The aplomado falcon (Falco femoralis) is a medium-sized falcon of the Americas. The species’ largest contiguous range is in South America, but not in the deep interior Amazon Basin.
The aplomado falcon is very slender, long-winged, and long-tailed, the size of a small peregrine falcon, at 12–16 in (30–40 cm) long and with an average wingspan of about 36 in (90 cm), but only half the weight, at about 7.3–10.8 oz (208–305 g) in males and 9.6–16 oz (271–460 g) in females. In adult birds, the upperparts are dark blue-grey, as is much of the head, with the usual falcon “moustache” contrasting sharply with the white throat and eyestripe. The upper breast continues the white of the throat; there are black patches on each side of the lower breast that meet in the middle; the belly and thighs, below the black patches, are light cinnamon. The tail is black with narrow white or grey bars and a white tip. The cere, eye-ring, and feet are yellow or yellow-orange.
Except that females are bigger than males, the sexes are similar. Juvenile birds are very similar to adults, but their upperparts and belly band are blackish brown, the chest is streaked with black, the white on the head and breast is buffy, and the cinnamon on the underparts is paler, as are the feet.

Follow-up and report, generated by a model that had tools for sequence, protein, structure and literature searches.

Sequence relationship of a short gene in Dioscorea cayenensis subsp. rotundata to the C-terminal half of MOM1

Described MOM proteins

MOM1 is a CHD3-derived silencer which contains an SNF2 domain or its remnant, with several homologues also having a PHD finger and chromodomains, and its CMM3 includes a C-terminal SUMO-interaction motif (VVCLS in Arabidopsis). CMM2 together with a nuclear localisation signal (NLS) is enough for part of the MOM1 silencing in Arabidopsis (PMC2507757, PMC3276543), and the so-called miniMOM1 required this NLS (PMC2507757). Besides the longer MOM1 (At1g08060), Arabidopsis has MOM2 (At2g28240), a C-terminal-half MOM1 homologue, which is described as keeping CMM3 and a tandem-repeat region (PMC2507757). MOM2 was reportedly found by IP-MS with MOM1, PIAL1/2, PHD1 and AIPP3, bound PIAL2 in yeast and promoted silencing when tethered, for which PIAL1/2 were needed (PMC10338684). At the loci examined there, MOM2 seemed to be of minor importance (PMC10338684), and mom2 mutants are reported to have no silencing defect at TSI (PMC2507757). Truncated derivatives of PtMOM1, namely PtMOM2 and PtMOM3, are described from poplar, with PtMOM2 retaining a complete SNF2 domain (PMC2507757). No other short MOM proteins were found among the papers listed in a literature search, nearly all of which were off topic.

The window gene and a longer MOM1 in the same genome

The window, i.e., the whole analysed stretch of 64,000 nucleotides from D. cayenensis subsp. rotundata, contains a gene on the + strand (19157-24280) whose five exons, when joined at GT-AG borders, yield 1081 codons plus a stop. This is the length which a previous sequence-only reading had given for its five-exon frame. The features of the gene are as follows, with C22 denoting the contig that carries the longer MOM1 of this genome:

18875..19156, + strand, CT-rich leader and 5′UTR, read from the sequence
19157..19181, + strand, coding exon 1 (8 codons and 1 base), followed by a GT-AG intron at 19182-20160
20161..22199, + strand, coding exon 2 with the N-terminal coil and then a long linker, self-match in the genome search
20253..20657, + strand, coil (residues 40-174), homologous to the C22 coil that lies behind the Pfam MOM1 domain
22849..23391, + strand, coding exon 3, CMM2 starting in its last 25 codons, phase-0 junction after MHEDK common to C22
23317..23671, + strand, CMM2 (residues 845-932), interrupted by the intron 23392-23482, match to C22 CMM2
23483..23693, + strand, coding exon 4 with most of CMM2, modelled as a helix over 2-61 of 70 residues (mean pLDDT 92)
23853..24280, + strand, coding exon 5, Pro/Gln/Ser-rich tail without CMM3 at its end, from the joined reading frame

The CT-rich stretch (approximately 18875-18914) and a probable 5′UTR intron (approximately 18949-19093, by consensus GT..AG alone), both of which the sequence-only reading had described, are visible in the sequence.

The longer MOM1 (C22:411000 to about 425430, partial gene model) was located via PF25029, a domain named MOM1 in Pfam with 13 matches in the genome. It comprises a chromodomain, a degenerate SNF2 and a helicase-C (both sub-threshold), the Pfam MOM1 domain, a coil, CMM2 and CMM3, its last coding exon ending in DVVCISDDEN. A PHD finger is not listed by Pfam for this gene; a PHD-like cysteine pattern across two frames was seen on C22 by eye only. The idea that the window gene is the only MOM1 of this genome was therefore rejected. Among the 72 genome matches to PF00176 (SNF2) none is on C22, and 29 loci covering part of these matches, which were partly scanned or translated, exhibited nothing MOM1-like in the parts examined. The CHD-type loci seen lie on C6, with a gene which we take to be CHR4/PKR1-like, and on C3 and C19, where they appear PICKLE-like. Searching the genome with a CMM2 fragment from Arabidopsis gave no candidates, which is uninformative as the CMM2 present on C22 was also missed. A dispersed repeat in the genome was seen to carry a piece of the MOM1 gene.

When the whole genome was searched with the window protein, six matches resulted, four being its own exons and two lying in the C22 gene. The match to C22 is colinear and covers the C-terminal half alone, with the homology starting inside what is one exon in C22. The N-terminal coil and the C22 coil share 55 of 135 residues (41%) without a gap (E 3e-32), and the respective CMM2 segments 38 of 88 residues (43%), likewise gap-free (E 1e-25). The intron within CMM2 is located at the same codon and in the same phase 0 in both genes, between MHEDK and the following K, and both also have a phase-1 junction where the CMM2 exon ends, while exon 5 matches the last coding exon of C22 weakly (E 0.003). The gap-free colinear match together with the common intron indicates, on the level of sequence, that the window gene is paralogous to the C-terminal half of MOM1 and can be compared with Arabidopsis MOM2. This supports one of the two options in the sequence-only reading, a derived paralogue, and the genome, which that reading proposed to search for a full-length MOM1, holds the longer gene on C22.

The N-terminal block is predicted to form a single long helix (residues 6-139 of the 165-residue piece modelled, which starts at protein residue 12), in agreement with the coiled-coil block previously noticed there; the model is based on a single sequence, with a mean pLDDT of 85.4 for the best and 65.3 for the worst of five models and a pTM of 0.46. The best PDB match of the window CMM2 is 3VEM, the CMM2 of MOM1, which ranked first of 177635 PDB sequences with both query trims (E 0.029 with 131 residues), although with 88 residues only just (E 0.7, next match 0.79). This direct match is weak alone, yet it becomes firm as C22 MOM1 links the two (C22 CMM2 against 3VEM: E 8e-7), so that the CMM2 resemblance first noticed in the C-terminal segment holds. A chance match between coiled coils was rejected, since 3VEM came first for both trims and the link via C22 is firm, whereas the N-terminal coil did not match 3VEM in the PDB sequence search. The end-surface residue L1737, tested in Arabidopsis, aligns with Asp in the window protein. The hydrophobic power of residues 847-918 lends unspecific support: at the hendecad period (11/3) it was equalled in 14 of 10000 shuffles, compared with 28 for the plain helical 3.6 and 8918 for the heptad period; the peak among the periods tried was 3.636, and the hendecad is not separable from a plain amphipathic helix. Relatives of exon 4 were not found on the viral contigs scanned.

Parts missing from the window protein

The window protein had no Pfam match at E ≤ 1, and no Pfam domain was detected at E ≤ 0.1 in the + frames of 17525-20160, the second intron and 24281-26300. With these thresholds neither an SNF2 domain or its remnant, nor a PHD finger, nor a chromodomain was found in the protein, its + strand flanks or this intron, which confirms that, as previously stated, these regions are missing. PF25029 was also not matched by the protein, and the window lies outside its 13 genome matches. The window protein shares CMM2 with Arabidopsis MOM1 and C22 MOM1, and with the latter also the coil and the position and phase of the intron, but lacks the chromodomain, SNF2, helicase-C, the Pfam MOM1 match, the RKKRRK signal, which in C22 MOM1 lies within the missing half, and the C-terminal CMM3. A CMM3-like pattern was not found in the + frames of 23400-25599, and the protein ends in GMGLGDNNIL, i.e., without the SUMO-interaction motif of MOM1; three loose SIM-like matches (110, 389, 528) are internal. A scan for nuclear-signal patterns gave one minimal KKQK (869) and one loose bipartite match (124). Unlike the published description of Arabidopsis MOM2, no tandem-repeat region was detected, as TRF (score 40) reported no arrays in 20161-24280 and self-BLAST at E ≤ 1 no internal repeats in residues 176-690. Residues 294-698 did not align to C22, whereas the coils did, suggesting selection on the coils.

This species may be confused with the bat falcon and the orange-breasted falcon, which have similar white-black-rust patterns below, but those species are built more like peregrine falcons and have solidly blackish heads and darker rufous bellies. These two species are generally considered to belong to the same lineage as the aplomado falcon. Two other Falco species of the Americas, merlin and American kestrel, seem to be closer to the Aplomado group than most other falcons, but the relationships of all these lineages are fairly enigmatic.
The aplomado falcon’s habitat is dry grasslands, savannahs, and marshes. It ranges from northern Mexico and Trinidad locally to southern South America, but has been extirpated from many places in its range, including all of northern and central Mexico except for a small area of Chihuahua. Globally, however, it is so widespread that it is assessed as Species of Least Concern by the IUCN.
It feeds on large invertebrates and small vertebrates, with small birds making up the overwhelming bulk of its prey. Mixed-species feeding flocks in open cerrado and grassland will go on frenzied alert upon spotting this species; small birds fear it more than most other predators. It is often seen soaring at twilight hunting insects and eating them on the wing. It also hunts at fields being burned, at which many birds of this species may gather; cooperation between individual aplomado falcons – usually members of a pair – has also been recorded. In Brazil, aplomado falcons have been observed following maned wolves and chasing birds that the wolves flush.